On March 20, 2003 Operation Iraqi Freedom started. For many that was a renewal of the conflict with Iraq. For the F-16s and other U.S. military aircraft the conflict hadn’t ended. F-16s were among the aircraft on a strike mission in Iraq on September 10, 2001. It did mean a great boost in their operations tempo.

During the initial phases of the operation U.S. Army Patriot missiles shot down an RAF Tornado, and a U.S. Navy F/A-18.[i] A Patriot missile battery locked onto an F-16. The F-16 pilot fired an AGM-88 at the missile battery. There was no damage or casualties.

On June 26 2003 an engine bearing came apart on an F-16 piloted by Captain Michael Matestick. He made an emergency landing in Baghdad. Captain Matestick received the Koren Kolligian Jr. Trophy for this incident.

On March 2, 2008 F-16s assisted in rescuing two U.S. hikers who were lost in Iraq. On December 18, 2011 F-16s piloted by Colonel Rodney Petithomme and Lt. Colonel Jason Plourde flew overwatch for the last convoy out of Iraq. It was the last U.S. combat mission by crewed aircraft over Iraq until the U.S. resumed combat missions over Iraq in August 2014.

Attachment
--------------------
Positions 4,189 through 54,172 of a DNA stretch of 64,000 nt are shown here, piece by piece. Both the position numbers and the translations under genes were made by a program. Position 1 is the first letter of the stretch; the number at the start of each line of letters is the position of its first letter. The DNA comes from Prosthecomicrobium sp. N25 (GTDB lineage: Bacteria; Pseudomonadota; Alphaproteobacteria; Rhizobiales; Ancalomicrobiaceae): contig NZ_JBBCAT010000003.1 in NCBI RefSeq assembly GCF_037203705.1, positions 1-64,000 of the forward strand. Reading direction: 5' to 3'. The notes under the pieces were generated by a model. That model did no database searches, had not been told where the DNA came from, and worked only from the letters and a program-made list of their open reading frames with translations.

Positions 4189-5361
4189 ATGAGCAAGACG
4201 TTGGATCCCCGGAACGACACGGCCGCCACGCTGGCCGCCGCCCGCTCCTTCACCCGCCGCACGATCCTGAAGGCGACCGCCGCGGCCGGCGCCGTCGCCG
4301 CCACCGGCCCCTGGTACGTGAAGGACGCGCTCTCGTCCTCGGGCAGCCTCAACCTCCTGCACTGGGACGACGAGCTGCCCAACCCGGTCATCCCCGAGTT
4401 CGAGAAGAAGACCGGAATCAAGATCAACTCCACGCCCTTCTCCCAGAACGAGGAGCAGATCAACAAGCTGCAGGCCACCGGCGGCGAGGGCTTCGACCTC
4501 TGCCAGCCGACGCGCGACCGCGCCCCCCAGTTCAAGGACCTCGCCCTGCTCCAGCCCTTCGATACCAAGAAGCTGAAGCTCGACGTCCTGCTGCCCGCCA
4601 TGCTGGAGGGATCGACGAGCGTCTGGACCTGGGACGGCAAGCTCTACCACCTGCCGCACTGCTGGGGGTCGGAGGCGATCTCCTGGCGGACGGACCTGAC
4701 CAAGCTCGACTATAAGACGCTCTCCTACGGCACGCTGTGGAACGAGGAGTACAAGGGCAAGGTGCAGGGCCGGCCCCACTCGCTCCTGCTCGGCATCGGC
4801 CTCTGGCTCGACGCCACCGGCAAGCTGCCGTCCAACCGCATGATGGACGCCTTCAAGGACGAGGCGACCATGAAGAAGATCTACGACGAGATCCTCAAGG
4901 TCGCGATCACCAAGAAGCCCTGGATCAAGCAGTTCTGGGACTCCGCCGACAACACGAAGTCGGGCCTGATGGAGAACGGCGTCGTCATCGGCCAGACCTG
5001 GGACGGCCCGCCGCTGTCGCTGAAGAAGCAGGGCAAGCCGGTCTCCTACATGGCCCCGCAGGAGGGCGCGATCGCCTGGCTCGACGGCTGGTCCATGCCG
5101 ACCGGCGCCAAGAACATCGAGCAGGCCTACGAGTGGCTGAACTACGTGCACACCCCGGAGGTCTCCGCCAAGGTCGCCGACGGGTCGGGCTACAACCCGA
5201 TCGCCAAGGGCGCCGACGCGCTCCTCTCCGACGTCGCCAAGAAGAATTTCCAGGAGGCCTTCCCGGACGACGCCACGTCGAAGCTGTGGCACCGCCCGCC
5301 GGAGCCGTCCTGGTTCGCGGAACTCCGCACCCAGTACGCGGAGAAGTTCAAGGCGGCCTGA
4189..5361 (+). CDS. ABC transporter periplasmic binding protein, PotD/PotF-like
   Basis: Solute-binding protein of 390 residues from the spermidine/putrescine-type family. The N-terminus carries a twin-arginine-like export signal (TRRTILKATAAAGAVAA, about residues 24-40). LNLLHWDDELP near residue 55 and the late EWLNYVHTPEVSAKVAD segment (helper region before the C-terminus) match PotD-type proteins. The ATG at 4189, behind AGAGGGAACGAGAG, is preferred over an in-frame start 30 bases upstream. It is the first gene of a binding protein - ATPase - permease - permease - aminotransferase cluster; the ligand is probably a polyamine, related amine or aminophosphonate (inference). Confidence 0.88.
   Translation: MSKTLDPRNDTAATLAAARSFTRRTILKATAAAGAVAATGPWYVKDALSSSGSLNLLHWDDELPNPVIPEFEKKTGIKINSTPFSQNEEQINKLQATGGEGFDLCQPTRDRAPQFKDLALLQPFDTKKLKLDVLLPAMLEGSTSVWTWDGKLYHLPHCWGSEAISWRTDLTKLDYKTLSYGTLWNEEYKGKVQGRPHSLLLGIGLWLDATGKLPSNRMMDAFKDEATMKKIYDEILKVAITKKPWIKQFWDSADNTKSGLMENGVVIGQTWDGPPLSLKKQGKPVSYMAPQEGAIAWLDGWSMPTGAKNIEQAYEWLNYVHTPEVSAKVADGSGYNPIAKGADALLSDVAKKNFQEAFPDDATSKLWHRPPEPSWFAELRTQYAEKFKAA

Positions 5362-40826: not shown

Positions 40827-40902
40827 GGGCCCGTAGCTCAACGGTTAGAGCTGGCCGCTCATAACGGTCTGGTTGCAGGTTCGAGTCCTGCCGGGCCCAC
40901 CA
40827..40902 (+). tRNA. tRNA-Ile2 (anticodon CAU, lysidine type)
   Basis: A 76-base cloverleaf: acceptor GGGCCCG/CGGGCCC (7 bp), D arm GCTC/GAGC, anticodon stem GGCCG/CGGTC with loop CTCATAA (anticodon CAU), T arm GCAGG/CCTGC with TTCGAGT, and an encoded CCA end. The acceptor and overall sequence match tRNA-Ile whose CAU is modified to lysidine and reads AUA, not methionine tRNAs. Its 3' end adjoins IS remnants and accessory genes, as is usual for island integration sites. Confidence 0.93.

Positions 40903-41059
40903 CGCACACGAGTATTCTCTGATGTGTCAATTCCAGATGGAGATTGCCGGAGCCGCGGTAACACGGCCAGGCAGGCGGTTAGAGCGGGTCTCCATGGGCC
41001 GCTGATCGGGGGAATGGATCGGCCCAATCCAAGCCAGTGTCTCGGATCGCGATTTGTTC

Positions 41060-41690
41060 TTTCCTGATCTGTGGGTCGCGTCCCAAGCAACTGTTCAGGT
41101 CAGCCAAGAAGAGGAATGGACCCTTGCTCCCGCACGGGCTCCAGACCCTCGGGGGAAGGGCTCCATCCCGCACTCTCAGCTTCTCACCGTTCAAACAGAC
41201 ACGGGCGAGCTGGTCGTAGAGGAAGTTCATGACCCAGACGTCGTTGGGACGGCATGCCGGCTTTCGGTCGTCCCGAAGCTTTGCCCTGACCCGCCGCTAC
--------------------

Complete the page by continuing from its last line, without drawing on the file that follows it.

F-16s from many nations carried out missions against the Islamic State. F-16 pilots Captains Gregory R. Balzhiser and David A. Kroontje were awarded the 2014 Mackay Trophy for carrying out four attacks on Islamic State forces in Iraq. The attacks destroyed three blockages, multiple armored vehicles, and an observation post. The Islamic State forces were firing on 40,000 trapped Yazidi civilians.[ii] A USAF F-16 crashed on November 28, 2014. The crash killed the pilot, Captain William H. DuBois. On December 25, a Jordanian F-16 crashed. Islamic State forces captured the pilot, Lieutenant Moaz Kasasbeh. The Islamic State murdered him on February 3, 2015.

On October 7, 2015 two USAF F-16s diverted their course to avoid getting close to a Russian fighter. On October 16 a Turkish F-16 shot down a Russian drone. On November 24 a Turkish F-16 shot down a Russian Su-24. The two crew members ejected and Islamic State terrorist killed the Su-24 crew members as they descended in their parachutes.

[i] Flight Lieutenants Kevin Barry Main & David Rhys Williams, and Lieutenant Nathan D. White died in these incidents.

[ii] United States Air Force Crew of Ironhand 41 Flight To Receive 2014 Mackay Trophy,

Other Operations and Incidents